This gave the company a chance to secure their building more suitably, at the loss of a few slightly damaged cushions. I advised the company that people cannot obtain degrees or higher education in criminal activity, and every now and then we’re reminded of this fact.
Saturday 19 January 20:03
The snow has cast a wintery blanket on our familiar world, and created an unavoidable path for those choosing to take it. For forensic examiners we usually look out for those ideal surfaces to leave footwear marks on, whether it be a muddy, unlooked after flower patch or a shiny clean window sill. But the snow has given us another route for evidence. Like airports, railways and highways, we need to be well prepared.
Here we have a roof which has been climbed on, and it appears someone has climbed over the railing onto a set of stairs. The footwear marks on the roof are a good indicator showing how many offenders there might be, unless the bad guys have a good leap, or taken up piggy-backing as a hobby!
The marks aren’t always ideal, with parts of the sole missing in this mark. But look at the detail in that top part of the shoe!
Now to add a little snow wax. This hardens the footwear mark before we add the cast, and requires quite a few coats. I’ll spray the mark 5 or 6 times as recommended before adding the cast, and it makes the mark a brown colour.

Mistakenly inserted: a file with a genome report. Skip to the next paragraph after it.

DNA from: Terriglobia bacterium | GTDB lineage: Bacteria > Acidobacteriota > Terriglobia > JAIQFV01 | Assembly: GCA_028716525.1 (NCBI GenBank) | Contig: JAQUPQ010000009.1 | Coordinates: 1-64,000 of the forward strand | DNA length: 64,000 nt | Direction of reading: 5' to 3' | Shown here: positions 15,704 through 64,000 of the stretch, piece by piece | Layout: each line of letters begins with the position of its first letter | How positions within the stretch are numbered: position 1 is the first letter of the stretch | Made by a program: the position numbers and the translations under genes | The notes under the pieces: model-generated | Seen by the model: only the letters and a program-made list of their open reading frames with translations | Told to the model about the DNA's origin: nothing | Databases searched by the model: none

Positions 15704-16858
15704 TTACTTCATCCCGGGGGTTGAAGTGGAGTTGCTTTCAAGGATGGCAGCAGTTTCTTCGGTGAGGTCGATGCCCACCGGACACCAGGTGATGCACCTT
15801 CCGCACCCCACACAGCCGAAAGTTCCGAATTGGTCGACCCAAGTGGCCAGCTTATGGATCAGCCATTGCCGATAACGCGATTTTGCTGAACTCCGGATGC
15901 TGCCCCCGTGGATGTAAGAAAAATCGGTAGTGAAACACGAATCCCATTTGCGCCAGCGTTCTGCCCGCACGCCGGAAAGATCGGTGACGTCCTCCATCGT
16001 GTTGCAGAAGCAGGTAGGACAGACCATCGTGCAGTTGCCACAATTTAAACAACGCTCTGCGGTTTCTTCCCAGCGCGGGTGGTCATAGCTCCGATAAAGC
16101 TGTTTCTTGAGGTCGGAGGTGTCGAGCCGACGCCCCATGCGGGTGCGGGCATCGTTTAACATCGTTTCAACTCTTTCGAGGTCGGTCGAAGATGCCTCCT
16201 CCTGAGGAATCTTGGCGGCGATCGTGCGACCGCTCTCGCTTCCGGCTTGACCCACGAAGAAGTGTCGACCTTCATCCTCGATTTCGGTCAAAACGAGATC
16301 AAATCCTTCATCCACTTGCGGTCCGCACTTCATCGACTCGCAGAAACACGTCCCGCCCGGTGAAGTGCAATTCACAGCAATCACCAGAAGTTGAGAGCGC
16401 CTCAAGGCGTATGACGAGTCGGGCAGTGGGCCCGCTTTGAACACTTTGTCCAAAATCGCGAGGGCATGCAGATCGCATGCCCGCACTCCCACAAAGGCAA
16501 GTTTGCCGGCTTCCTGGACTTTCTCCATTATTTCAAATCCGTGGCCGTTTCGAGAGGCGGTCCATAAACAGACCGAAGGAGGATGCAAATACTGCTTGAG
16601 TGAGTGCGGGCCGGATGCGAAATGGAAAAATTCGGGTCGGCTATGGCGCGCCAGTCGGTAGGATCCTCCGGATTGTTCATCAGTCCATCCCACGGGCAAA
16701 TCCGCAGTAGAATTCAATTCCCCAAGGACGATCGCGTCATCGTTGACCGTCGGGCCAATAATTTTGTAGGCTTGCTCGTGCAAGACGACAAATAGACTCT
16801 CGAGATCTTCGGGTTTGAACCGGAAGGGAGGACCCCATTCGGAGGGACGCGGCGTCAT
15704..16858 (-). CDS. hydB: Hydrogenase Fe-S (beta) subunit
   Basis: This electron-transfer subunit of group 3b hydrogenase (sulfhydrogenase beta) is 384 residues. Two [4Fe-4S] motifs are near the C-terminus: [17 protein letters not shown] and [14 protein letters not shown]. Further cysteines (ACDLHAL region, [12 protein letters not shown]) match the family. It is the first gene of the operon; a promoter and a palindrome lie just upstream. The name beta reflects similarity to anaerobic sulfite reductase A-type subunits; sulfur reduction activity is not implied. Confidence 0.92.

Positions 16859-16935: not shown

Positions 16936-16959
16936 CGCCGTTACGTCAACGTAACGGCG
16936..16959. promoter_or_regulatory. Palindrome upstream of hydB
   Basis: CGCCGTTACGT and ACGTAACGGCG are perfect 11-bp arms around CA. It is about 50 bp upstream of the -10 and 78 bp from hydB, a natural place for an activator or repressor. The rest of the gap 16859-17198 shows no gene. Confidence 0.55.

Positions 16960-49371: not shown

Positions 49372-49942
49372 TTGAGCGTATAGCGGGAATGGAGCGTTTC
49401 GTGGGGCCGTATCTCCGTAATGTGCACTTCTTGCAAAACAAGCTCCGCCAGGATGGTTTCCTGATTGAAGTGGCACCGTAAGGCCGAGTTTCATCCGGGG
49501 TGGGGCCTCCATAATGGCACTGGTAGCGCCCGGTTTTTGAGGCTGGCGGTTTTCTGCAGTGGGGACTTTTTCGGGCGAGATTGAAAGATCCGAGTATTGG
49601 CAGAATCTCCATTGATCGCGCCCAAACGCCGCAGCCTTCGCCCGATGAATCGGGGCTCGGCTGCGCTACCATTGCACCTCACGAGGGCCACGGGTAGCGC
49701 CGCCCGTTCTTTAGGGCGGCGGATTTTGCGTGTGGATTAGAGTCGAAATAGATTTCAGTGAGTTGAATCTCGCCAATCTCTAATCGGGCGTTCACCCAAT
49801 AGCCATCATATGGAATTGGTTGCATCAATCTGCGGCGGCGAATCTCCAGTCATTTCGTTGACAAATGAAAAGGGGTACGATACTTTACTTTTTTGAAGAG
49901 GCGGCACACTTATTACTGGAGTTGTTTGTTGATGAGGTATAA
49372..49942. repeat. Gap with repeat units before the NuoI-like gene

Now if we wanted to photograph the mark, the camera would be a little happier. Zooming in to get rid of all that white then using a torch or flash will help to show all of that detail a little better, as a bright background would over-expose the image. After waiting around 10 minutes it’s now time to add that plaster cast.
Now if you walked past that in the street you’d probably take a second look. Not the most attractive looking thing! I left the cast for a good hour and a half to dry. Quite a long time, so it’s best to do this first thing.
Time goes by and it’s now time to lift it, and here’s the result.
Bother, that’s not great. I even read through the instructions! Thankfully this was a training exercise I carried out, and not the real thing. And lucky it was, as all mistakes must be learned from. When I next tackle a footwear mark in snow I’ll add more layers of wax before applying the cast, and maybe do a tester mark next to the offender mark to make sure all goes well. I guess this is why some people steer away from the instructions! I’ll go against the recommended 5-6 layers and add around 10, that should do it.
In the real world the footwear mark would be photographed with a macro lens and scale beforehand, so we’ve always got other options. Next time I’m called out and half asleep I should be better prepared to tackle those marks in the snow.
Thursday 27 December 19:07
A boxed up footwear cast I took yesterday. Some great zig-zag pattern detail. #footwear #forensics
Saturday 8 December 16:47
1/2 - Location of where a tiny blood stain was found on the back of a shirt. Check out the close up… #forensics
Saturday 8 December 16:45
2/2 - Close up of a tiny blood stain on a shirt. What a great find. #forensics
Friday 7 December 14:25
Live from the fingerprint table! Red Granular powder used on a plant pot, sadly no suitable ridge detail. #fingerprints #forensics
Sunday 25 November 13:27